RE: Antiderivatives and Definite Integrals

*To*: mathgroup at smc.vnet.net*Subject*: [mg39713] RE: [mg39670] Antiderivatives and Definite Integrals*From*: "Wolf, Hartmut" <Hartmut.Wolf at t-systems.com>*Date*: Mon, 3 Mar 2003 23:48:37 -0500 (EST)*Sender*: owner-wri-mathgroup at wolfram.com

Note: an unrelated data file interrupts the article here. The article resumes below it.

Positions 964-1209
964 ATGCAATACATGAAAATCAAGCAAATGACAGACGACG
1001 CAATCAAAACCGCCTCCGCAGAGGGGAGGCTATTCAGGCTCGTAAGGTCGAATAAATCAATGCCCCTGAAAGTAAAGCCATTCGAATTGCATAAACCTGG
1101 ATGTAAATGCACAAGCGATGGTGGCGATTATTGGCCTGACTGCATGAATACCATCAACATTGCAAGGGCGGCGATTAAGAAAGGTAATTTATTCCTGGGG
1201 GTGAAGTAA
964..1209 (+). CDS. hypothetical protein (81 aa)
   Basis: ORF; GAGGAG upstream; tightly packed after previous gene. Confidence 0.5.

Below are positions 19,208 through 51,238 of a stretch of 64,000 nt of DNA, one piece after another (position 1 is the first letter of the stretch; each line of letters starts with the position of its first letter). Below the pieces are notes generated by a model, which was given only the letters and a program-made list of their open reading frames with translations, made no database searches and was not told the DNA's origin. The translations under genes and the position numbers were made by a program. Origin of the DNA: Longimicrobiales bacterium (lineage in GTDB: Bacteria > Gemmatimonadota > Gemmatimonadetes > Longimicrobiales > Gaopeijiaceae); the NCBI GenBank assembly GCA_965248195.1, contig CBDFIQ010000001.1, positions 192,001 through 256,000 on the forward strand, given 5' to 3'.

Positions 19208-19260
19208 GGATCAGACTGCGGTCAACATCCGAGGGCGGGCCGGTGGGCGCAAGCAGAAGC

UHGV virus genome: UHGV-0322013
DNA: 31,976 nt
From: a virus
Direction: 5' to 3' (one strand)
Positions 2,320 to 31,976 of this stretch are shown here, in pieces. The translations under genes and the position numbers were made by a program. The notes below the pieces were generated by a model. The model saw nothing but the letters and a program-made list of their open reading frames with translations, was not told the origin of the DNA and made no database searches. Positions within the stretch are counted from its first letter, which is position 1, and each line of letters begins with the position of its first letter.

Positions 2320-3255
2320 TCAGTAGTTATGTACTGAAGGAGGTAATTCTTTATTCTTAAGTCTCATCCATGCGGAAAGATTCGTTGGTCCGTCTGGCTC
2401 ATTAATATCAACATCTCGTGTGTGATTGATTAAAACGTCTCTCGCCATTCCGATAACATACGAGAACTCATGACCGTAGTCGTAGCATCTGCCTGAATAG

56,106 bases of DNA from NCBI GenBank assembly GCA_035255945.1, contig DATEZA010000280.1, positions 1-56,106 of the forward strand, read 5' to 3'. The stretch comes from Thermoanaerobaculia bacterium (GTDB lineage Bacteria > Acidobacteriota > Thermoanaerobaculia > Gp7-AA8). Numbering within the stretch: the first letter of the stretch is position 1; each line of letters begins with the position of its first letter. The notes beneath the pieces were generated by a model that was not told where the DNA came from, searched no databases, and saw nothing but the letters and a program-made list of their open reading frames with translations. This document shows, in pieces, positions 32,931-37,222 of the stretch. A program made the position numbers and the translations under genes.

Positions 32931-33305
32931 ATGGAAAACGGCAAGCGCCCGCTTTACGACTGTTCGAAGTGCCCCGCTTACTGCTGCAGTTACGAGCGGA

>-----Original Message----- >From: Garry Helzer [mailto:gah at math.umd.edu] To: mathgroup at smc.vnet.net >Sent: Saturday, March 01, 2003 8:48 AM >To: mathgroup at smc.vnet.net >Subject: [mg39713] [mg39670] Antiderivatives and Definite Integrals > > >The antiderivative of Sqrt[1+Cos[x]] discussed here recently (sorry, I >lost the thread) provides an amusing illustration of the fact that >Mathematica does not always evaluate definite integrals by first >finding an antiderivative and then substituting in the upper and lower >limits. (See the Mathematica book A.9.5) Make the definitions > >f[x_] = Integrate[Sqrt[1 + Cos[t]], {t, 0, x}] >g[x_] := Integrate[Sqrt[1 + Cos[t]], {t, 0, x}] > >Then f[2Pi] is 0 (wrong) and g[2Pi] if 4Sqrt[2] (correct). Of course >f[x]==g[x] returns True. > >Garry Helzer >Department of Mathematics >University of Maryland >1303 Math Bldg >College Park, MD 20742-4015 > > You might be interested to observe: In[1]:= f[x_] = Integrate[Sqrt[1 + Cos[t]], {t, 0, x}] Out[1]= 2*Sqrt[1 + Cos[x]]*Tan[x/2] In[2]:= g[x_] := Integrate[Sqrt[1 + Cos[t]], {t, 0, x}] In[3]:= ?g Global`g g[x_] := Integrate[Sqrt[1 + Cos[t]], {t, 0, x}] In[4]:= Plot[f[x], {x, 0, 2Pi}] // Timing Out[4]= {0.03 Second, = Graphics =} ...what you called "wrong". In[5]:= Plot[g[x], {x, 0, 2Pi}, PlotRange -> {All, {0, 6}}] // Timing Out[5]= {4.096 Second, = Graphics =} ...what you called "right". Redefine: In[6]:= f[x_] /; -Pi < x < Pi = f[x] Out[6]= 2*Sqrt[1 + Cos[x]]*Tan[x/2] In[7]:= f[x_] /; Pi < x < 3 Pi = f[x] + 4*Sqrt[2] Out[7]= 4*Sqrt[2] + 2*Sqrt[1 + Cos[x]]*Tan[x/2] In[9]:= Plot[f[x], {x, 0, 2Pi}, PlotRange -> {All, {0, 6}}] // Timing Out[9]= {0.03 Second, = Graphics =} Don't be confused by that double use of f (as a function, and as a shortcut for an algebraic expression). -- Hartmut Wolf